Last day arrives and we farewell all the animals. We say goodbye to the dogs, goats, sheep, cows, pony, chooks and I peel small gripped fingers away from the guinea pigs, (I’m sure I heard them sigh with relief.)

I don’t think I have ever stayed somewhere that was so accommodating and involving towards kids and adults, every age was considered. Kim and David are the most wonderful hosts. From a welcome plate of homemade biscuits, kids toys, oodles of books, dvds, farm animals, climbable tractors, jeep tour, individual activities designed around your needs and wants. And one of the best things?…a perfectly edible (and encouraged to do so) permaculture garden at your doorstep.

It was the most relaxing weekend I’d had in a long time, and just quietly… I can’t wait to go back.

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Local Hunter Valley connections to be enjoyed

Little Black Cow Farm Stay– accommodation

Udder Farm– milk, cream, cheese.

Liberi Eggs- boiled, fried, scrambled or runny if you are one of those funny people who like runny eggs.

Morpeth Sourdough Bakery– locally baked sourdough…say no more.

Macquariedale Organic Wine- one glass or two?

Little Black Cow Farm Beef– these are happy beautifully kept cows that taste rather delicious in sausage form.

Sacred Tree Markets– on every third Sunday within the township of Branxton. 

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Seasonal Eating and Earth Hour

It’s Autumn here and while I’m still waiting to feel any big seasonal shifts in the weather, there has been a slight change in what’s gracing my kitchen bench. Seasonal changes in our food are one of the things that get me really excited. I love having things in abundance, eat them in everything and just when I really don’t want to eat them any longer, the season changes and voila! A new vegetable to embrace.

Others who are also embracing all things food and farm related is Earth Hour this year. It’s on again this Saturday, and this time they are focusing in on farmers and how environmental changes are impacting Australian farmers and our food they grow. (They’ve also put out a cookbook to go along with it- with all proceeds going back to Earth Hour’s work.)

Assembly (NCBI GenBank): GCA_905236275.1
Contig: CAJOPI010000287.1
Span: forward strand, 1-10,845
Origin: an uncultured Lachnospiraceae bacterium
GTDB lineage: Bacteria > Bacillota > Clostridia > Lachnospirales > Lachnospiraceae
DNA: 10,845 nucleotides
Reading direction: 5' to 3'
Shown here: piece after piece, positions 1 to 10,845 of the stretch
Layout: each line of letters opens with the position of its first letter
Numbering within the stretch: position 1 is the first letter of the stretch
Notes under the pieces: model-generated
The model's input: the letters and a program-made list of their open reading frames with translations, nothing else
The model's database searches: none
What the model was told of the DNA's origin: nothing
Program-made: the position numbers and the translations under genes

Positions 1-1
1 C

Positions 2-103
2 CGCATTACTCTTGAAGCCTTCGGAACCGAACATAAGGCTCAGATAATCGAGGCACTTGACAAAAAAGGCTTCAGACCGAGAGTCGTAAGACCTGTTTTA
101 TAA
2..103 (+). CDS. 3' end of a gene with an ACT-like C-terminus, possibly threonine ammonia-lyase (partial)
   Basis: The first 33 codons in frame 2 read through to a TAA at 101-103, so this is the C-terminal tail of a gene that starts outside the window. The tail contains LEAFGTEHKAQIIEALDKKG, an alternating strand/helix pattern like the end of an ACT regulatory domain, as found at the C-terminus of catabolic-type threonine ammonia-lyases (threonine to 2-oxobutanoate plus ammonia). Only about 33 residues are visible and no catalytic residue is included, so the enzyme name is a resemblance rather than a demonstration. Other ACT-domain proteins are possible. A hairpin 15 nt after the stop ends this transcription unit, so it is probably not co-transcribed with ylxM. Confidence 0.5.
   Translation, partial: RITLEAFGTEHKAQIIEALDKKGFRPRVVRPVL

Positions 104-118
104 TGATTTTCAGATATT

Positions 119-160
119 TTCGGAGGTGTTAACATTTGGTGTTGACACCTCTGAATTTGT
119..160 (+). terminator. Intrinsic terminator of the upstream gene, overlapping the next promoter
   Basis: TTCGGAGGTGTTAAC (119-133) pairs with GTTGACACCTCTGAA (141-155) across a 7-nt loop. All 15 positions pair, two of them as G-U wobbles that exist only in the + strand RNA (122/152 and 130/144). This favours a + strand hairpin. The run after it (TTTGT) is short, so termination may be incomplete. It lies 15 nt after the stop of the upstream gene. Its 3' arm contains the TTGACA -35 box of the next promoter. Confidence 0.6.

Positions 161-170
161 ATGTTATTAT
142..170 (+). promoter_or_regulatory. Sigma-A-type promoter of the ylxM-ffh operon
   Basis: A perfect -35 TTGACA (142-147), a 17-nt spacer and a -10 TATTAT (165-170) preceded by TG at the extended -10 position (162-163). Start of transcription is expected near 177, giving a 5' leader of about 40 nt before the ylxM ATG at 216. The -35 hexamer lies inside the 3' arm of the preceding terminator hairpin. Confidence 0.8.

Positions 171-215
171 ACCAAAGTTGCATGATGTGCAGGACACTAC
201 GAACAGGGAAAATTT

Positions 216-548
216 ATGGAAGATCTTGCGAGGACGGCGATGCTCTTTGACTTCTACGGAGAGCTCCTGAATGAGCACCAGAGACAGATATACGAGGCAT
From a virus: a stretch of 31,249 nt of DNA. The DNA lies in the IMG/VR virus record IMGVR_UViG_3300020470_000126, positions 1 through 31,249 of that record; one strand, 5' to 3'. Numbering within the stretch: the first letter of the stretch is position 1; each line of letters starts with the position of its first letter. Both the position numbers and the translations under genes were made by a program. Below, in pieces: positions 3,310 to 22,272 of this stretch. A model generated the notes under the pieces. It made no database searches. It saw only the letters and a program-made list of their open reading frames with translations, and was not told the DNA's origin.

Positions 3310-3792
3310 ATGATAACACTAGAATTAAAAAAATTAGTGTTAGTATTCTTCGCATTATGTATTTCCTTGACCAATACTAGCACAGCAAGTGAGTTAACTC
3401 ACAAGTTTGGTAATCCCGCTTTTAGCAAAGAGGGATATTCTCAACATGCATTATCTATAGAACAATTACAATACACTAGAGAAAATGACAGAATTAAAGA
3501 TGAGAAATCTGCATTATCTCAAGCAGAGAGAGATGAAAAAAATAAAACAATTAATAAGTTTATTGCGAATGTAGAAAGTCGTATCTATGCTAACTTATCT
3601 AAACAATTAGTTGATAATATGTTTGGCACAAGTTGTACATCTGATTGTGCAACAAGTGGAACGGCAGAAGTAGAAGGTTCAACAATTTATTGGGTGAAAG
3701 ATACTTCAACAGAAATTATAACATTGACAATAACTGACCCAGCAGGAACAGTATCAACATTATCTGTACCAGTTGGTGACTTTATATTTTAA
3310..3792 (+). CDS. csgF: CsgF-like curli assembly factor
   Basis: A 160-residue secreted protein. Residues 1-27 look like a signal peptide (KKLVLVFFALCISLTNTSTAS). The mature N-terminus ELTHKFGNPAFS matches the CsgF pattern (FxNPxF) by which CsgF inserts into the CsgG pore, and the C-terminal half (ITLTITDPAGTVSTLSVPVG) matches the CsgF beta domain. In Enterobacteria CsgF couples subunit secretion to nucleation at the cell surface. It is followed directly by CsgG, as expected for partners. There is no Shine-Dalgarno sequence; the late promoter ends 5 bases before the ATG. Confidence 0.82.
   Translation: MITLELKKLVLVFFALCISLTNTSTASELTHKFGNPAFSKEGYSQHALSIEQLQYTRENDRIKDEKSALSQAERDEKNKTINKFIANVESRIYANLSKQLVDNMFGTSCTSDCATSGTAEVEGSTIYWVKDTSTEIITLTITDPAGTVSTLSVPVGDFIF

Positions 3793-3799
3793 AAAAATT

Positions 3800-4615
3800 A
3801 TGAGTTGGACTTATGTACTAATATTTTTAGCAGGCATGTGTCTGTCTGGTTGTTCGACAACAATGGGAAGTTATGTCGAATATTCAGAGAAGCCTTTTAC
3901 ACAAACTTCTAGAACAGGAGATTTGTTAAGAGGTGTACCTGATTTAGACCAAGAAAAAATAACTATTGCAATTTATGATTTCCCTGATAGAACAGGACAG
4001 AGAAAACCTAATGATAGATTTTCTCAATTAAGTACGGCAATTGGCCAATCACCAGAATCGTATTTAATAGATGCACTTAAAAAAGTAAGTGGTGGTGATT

How about you? Are you doing anything particular for Earth Hour this year? Or enjoying eating any particular seasonal or local foods?

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OOOOBY– a super easy way to get some seasonal goodness delivered to your doorstep if you live in Sydney. If you have been thinking about signing up but haven’t quite done it yet. OOOOBY is offering $15 off your first box if you type in CITYHIPPYFARMGIRL as a referral code. 

Earth Hour

cityhippyfarmgirl

An excellent local drop…Krinklewood

Vanilla Plum Jam

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Making Jam || cityhippyfarmgirlOLYMPUS DIGITAL CAMERA

Vanilla Plum Jam. It’s my all time favouritey-favourite kinda jam. It’s tarty, has vanilla tones and dollops particularly well onto, well anything that I match it with really.

Lucky for me I like it a lot as I’ve made batch after batch of these babies. It’s that time of year. Vanilla Plum Jam time.

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Have a read here if you are new to jam making or are a bit hit and miss with your jam making methods. It really is a wonderful skill to be able to preserve the season and have even just a little of that knowledge under your belt.

Go on, give it a whirl. Try your hand at jam making.

Eat Local Challenge- The End

At the beginning of this year I set out to find out more on my local food and what was available around me, living here in the city. I wanted a little challenge. Not a big one, but something to get me thinking a little differently.

I already supported a lot of local eating. Receive a weekly vegetable box delivered through OOOOBY. Was a frequent lurker at many of the city’s farmers markets, and knew which brands to head towards when in the shops.